World Gold Council

One Simple Reason Why Gold Can Still Jump 50%

Stocks are very expensive. Bonds are insane. Bank rates are negative for many large investors. These trends are pretty clear - there will likely be more debt, more money printing, more capital controls, and more monetary insanity in the future...And if you understand them, the case for owning at least a small amount of gold is obvious.

Frontrunning: August 11

  • Stocks choppy, Kiwi soars after rate cut (Reuters)
  • Putin discusses Crimea security after alleged Ukrainian incursions (Reuters)
  • IEA Sees Oil Glut Easing (BBG)
  • Meanwhile: more oil - Iraq, oil companies agree to restart investment, boost output (Reuters)
  • U.S. Drillers Need $60 Oil to Stage Real Comeback, IEA Say (BBG)

US Futures Rebound, European Stocks Higher As Oil Rises

The summer doldrums continue with another listless overnight session, not helpd by Japan markets which are closed for holiday, as Asian stocks fell fractionally, while European stocks rebounded as oil trimmed losses after the the IEA said pent-up demand would absorb record crude output (something they have said every single month). S&P futures have wiped out almost all of yesterday's losses and were up over 0.2% in early trading.

The Charade Continues: London Gold And Silver Markets Set For Even More Paper Trading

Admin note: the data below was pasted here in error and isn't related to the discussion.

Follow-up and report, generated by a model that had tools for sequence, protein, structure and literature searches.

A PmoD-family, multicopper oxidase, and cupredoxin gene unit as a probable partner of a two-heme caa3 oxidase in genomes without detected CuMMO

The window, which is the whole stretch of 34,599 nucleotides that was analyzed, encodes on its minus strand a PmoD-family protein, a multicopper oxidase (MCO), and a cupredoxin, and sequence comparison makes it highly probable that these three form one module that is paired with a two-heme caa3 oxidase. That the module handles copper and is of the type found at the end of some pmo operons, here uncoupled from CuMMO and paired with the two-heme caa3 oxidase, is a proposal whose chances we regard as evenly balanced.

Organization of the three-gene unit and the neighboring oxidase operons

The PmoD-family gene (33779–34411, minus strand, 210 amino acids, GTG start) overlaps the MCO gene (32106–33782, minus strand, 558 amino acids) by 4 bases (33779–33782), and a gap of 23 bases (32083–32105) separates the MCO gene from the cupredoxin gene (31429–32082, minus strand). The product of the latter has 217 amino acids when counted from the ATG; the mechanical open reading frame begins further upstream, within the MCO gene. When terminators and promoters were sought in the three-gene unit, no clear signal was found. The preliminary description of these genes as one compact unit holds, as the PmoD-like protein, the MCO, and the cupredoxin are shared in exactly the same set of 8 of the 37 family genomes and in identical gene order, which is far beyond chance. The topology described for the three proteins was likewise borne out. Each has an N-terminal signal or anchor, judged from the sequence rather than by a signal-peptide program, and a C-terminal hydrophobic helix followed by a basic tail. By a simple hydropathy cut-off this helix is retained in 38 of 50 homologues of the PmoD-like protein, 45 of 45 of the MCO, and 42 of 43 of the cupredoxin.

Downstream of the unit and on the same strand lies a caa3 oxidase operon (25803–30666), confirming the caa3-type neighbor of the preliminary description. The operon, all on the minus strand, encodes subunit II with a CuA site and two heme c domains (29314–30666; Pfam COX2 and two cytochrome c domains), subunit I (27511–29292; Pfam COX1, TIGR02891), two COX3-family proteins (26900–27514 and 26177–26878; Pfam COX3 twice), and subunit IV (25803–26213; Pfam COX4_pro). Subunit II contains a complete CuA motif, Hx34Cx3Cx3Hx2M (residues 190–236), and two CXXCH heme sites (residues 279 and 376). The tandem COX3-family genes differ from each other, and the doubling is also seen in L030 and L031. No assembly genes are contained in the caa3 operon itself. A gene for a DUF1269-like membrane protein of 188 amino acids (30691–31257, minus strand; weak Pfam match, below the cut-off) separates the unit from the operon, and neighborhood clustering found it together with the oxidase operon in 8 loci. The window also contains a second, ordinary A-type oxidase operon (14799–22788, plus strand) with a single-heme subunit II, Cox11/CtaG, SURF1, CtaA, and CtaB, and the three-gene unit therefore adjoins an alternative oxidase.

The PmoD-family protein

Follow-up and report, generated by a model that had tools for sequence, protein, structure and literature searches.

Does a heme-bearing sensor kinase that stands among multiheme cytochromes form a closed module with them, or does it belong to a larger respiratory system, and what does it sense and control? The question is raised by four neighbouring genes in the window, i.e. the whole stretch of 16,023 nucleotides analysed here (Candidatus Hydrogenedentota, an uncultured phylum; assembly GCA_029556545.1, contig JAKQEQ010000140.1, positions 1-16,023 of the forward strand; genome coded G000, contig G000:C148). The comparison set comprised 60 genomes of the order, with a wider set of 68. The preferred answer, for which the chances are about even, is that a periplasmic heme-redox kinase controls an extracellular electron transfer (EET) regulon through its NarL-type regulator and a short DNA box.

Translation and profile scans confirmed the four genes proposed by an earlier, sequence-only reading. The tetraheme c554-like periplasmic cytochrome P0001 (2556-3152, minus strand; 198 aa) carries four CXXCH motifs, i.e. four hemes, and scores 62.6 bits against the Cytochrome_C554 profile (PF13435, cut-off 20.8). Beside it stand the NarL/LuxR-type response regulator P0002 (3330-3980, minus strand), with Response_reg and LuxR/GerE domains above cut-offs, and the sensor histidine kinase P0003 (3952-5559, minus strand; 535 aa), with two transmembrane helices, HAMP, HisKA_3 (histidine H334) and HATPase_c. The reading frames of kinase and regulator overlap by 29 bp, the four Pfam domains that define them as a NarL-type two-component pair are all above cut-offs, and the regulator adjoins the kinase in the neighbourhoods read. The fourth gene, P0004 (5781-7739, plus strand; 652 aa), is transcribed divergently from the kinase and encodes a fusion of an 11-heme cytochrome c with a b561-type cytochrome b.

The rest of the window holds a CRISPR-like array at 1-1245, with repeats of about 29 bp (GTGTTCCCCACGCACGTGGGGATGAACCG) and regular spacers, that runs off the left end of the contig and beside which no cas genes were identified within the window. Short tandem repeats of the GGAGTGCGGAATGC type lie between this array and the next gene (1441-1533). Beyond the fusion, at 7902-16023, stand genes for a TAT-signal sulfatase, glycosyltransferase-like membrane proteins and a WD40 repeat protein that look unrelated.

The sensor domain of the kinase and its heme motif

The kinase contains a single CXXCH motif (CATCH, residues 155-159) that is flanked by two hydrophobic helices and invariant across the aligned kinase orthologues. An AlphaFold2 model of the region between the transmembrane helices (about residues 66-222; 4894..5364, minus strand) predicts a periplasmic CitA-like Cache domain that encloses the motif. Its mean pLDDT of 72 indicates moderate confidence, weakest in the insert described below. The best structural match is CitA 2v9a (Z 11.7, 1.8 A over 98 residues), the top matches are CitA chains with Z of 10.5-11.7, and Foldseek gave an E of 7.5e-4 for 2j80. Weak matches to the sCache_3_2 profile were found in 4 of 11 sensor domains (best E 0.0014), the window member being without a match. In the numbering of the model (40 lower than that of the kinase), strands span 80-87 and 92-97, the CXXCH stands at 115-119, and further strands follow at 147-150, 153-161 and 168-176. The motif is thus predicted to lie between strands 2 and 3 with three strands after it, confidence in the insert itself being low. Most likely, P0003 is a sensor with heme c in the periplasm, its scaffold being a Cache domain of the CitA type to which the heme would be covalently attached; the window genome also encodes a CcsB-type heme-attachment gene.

Today the London Metal Exchange (LME) and the World Gold Council (WGC) jointly announced the launch next year of standardised gold and silver spot and futures contracts which will trade on the LME’s electronic platform LMESelect, will clear on the LME central clearing platform LME Clear, and that will be settled ‘loco London’. Together these new products will be known as LMEprecious.’

Japanese Savers Flood Into Gold Fearing The Endgame Is Close

"For investors, buying gold is similar to casting a no-confidence vote," saidItsuo Toshima, 68, an investment adviser and former regional manager for the World Gold Council in Tokyo. "Gold is the unprintable currency, unlike the yen. The yen’s appreciation in spite of the adoption of the negative-rate policy has kindled skepticism about the policy’s benefits. It’s also led to investors seeking to protect their assets in case Abenomics fails.”